Noticing Our Stories: And How to Move Past Them to Become More Present

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A few weeks ago, in an attempt to ground myself and settle into the present moment, I drew myself a salt bath. I had been busy busy all day and needed a moment to settle in and allow my physical body to release.

Sometimes when I take a bath, I’ll listen to music or set up my laptop and watch a tv show to zone out, but that day, I remained in the quiet and focused on my breathing.

I started watching the water. The way it moved when I moved. The ripple effect of droplets on the surface. The distortion of my hand as it entered the water.

Over and over again, I began dipping my fingers into the water and pulling them back out, amazed at the almost disappearing of my fingers as they fell below the surface. But when I pulled them out, the truth of my hand remained. All of my fingers were there, the same proportion that they always have been, despite what the water told me.

The water was so quick to change the way that I viewed the reality, that is my hand. It told me a story that was different than what was actually happening.

When we are moving through our daily lives, there are so many things that impact every situation, conversation and environment that we walk into. We have this distortion of the water flowing all around us.

Yesterday, I had this awful interaction with my sister. I’m still so upset about it. And now I just had a fight with my best friend about something that wasn’t even a problem.

Have you ever experienced something similar? Yeah, me too. This is the same as when someone gets “hangry” or hungry angry!

If we imagine the water as emotions, trauma and stories that are constantly swirling around us, coming in and out of our daily lives, we might start to notice how this water impacts other parts of our day, conversations and situations.

Oh. I’m not actually upset with my best friend, I’m upset with this past interaction.

This self-observation takes incredible amounts of practice, vulnerability, compassion and non-judgement.

It’s not an easy practice, by far. But it can bring us to a different level of TRUTH. By being present with my emotions and listening to myself deeply to understand what it is that I’m experiencing, I can be more true to myself and to those around me. I can be more present.


Where do we even begin?

  1. Get quiet with yourself.

    Take 1 minute. Take a big inhale and sigh it out through the mouth. Scan down through the body, from the head all the way to the toes. Notice the sensations that are present - physical sensations, emotions and thoughts. Allow everything to be as it is and build a picture of what you are feeling in your body. Know that there is no right or wrong.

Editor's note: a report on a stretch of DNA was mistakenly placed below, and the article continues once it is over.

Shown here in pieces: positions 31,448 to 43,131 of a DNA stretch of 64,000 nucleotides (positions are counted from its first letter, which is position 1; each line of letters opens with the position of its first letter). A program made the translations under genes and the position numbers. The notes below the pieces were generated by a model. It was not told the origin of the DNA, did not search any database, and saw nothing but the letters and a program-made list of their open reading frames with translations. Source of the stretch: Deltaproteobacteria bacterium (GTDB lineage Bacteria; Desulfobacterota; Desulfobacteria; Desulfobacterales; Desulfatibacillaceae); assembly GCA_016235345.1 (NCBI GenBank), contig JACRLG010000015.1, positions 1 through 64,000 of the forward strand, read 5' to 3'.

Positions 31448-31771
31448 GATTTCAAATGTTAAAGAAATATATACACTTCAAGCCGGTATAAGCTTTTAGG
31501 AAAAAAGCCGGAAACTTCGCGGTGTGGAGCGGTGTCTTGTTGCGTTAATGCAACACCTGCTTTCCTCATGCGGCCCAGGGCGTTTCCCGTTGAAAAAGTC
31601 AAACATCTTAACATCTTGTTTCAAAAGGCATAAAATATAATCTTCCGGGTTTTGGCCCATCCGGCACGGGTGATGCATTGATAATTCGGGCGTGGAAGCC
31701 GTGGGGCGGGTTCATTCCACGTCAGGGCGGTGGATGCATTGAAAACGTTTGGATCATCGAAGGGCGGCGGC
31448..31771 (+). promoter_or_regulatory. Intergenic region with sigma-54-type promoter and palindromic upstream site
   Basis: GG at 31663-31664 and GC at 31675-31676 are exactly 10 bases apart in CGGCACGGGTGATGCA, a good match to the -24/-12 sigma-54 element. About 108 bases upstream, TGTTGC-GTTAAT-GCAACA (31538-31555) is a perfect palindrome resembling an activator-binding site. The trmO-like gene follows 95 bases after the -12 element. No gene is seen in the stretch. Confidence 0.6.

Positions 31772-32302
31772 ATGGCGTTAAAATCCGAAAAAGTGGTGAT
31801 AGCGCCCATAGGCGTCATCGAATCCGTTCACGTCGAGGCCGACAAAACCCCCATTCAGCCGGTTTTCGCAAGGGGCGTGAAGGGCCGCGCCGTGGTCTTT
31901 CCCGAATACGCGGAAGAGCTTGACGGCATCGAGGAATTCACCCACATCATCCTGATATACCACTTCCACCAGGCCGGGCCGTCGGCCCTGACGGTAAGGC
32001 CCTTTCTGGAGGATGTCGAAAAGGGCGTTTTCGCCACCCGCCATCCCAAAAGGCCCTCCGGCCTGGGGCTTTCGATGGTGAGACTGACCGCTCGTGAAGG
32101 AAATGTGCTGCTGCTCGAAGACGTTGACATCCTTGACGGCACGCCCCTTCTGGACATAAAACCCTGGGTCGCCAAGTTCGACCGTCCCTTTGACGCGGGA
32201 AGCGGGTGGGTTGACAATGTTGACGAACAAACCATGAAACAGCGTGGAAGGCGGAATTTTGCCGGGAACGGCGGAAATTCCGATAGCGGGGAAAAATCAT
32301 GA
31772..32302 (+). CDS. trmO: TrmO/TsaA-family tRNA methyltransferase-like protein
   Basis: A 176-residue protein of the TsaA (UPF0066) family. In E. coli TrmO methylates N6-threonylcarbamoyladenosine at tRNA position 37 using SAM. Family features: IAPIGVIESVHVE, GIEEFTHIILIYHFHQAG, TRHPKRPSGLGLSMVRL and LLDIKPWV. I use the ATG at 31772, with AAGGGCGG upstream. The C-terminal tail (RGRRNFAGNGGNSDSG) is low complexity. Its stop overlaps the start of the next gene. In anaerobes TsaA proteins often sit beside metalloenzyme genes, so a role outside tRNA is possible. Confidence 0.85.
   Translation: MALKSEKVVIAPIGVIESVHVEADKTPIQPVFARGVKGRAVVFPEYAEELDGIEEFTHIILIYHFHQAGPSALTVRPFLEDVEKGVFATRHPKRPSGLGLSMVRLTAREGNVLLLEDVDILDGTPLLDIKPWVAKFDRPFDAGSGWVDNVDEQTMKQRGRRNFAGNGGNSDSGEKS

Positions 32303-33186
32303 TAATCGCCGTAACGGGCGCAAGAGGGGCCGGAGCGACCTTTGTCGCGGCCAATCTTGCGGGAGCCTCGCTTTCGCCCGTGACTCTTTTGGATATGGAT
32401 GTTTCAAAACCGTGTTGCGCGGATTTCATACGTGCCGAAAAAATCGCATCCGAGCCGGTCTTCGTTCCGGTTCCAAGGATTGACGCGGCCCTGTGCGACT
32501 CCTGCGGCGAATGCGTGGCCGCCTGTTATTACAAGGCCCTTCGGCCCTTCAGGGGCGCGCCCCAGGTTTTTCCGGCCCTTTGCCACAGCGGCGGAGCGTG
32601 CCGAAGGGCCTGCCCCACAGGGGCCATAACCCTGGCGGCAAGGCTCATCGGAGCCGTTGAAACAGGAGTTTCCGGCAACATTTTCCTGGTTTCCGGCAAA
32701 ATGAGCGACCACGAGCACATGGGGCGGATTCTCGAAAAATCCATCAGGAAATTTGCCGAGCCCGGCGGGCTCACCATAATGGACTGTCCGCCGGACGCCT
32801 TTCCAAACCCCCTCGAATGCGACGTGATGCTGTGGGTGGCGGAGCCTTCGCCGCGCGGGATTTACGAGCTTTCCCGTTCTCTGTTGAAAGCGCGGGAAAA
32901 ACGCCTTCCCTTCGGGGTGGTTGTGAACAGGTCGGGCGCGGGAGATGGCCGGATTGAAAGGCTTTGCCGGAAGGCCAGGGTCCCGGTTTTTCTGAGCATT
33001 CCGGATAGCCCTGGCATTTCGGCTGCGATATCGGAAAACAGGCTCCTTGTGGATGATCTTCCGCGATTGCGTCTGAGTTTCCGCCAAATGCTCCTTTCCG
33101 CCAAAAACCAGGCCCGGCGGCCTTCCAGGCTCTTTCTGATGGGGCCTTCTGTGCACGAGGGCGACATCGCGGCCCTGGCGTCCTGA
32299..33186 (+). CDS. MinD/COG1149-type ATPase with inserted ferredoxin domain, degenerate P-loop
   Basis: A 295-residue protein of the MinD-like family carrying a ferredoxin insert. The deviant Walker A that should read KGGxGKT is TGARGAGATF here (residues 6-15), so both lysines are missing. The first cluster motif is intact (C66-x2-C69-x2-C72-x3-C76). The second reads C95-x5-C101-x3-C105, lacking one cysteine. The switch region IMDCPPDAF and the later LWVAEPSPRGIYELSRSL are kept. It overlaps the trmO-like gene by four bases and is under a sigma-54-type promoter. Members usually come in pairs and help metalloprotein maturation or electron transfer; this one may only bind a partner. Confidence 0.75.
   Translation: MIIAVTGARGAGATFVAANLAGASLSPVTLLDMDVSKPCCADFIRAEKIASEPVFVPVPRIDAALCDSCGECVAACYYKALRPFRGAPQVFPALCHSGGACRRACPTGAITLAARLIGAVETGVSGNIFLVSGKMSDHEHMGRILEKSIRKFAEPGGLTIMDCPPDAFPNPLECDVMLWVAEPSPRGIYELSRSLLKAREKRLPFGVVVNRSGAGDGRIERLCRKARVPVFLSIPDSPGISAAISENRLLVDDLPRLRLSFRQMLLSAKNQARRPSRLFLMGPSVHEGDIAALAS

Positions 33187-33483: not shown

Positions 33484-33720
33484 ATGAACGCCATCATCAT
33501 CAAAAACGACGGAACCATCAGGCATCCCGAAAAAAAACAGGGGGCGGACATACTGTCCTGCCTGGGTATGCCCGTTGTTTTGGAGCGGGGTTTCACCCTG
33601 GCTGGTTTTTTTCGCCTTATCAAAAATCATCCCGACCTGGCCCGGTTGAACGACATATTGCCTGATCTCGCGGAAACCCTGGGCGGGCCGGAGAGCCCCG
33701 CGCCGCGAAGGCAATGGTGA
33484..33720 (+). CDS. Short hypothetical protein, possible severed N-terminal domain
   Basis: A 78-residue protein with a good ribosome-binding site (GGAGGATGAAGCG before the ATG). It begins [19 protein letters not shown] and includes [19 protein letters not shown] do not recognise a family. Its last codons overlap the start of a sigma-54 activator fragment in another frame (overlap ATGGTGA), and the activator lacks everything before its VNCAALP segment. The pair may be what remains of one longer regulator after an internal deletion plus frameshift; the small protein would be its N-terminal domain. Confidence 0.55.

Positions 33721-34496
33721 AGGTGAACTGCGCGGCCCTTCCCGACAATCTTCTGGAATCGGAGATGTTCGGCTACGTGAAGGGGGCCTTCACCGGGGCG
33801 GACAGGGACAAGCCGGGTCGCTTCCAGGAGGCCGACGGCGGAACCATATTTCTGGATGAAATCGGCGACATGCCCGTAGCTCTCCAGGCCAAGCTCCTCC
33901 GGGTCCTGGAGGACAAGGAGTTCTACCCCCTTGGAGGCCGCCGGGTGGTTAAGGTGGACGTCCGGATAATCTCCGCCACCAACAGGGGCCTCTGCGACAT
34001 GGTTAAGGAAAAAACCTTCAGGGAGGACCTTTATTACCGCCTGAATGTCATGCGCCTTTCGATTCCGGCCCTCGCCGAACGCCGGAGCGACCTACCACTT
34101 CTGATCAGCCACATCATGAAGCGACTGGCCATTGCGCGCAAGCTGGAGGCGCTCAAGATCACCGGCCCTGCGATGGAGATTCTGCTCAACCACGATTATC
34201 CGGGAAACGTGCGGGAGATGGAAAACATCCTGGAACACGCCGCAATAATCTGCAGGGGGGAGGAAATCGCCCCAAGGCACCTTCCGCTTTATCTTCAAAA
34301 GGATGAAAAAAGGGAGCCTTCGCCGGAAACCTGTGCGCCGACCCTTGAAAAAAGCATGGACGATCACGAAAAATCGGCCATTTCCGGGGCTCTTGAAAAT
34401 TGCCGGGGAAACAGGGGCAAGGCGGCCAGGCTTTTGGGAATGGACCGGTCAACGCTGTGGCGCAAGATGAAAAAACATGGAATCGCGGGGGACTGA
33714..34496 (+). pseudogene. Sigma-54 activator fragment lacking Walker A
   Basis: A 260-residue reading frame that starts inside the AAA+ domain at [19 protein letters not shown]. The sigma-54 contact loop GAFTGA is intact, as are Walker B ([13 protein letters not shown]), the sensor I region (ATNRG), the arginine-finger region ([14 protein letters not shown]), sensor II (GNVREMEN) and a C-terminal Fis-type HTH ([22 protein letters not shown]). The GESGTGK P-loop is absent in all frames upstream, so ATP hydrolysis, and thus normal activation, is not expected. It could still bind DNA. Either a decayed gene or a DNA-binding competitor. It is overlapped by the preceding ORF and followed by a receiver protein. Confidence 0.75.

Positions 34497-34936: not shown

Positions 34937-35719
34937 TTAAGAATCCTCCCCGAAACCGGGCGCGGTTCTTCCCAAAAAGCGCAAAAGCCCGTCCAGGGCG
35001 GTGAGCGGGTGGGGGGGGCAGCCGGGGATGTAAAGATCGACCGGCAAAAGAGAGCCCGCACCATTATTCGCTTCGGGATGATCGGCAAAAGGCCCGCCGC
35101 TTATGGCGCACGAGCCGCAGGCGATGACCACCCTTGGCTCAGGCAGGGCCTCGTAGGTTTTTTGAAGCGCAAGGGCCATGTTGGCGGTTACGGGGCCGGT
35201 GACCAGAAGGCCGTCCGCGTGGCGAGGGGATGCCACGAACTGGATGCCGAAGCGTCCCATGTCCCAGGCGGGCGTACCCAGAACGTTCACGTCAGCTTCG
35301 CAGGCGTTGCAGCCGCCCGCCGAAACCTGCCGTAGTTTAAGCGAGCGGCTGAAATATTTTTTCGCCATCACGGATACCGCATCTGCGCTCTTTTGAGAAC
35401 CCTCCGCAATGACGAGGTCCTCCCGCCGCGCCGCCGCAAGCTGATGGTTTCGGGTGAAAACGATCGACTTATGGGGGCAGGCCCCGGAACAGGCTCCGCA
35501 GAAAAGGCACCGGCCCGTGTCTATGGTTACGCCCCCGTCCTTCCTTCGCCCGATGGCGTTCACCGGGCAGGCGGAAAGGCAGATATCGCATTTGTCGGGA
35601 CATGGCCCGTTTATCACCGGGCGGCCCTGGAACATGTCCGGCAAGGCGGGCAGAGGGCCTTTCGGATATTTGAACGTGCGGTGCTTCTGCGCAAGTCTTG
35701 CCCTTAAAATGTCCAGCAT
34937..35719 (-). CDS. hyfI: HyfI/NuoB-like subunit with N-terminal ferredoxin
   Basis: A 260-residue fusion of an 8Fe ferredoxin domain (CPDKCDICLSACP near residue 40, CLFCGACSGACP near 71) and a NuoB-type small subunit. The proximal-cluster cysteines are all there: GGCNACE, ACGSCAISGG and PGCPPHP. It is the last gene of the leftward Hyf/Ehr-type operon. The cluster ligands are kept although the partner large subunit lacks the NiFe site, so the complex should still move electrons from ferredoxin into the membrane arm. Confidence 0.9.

You can practice this before you eat a meal, before you get out of your car to walk into a restaurant or in the morning as you drink your coffee. The more you practice, the more awareness you’ll bring to what you are feeling.

  2. Notice your stories.

    Just like the scenario above about getting upset with my best friend, I noticed the story. We create stories in our heads about what we think is happening, sometimes before it’s even happened. Have you ever planned a conversation hours or even days before it has happened? (me too!)

    Notice when the story is taking place. When you find yourself acting out a scenario or find yourself emotional about something and taking it out on someone else, come to the saying Is this real? Is this true? Notice if the answer is yes or no and then move to the most important and most difficult part:

  3. Find compassion and non-judgement for yourself.

    The most difficult and most transformative piece of this practice. I like to phrase it to myself as this: Even though that didn’t go the way that I would have liked it to, I still deeply love and accept myself. I appreciate this place that I am, in this practice of self-observation with compassion and non-judgement.

    While this is not my full mantra every time something goes not-according-to-plans or I’m telling myself a story that’s not true, it’s important to note one major detail of this affirmation: I still deeply love and accept myself.

    Will I do it better next time? Maybe. Maybe not. Regardless, I deeply love and accept myself, no matter what.

    Keep saying it. Even if it doesn’t feel true. Especially if it doesn’t feel true.

    With consistent practice, it becomes engrained in the body and becomes habit more than practice. (More on that in a future post)

Are you practicing this already? Can you relate? Write your questions or comments below!

Sending big love always ~ Mackenzie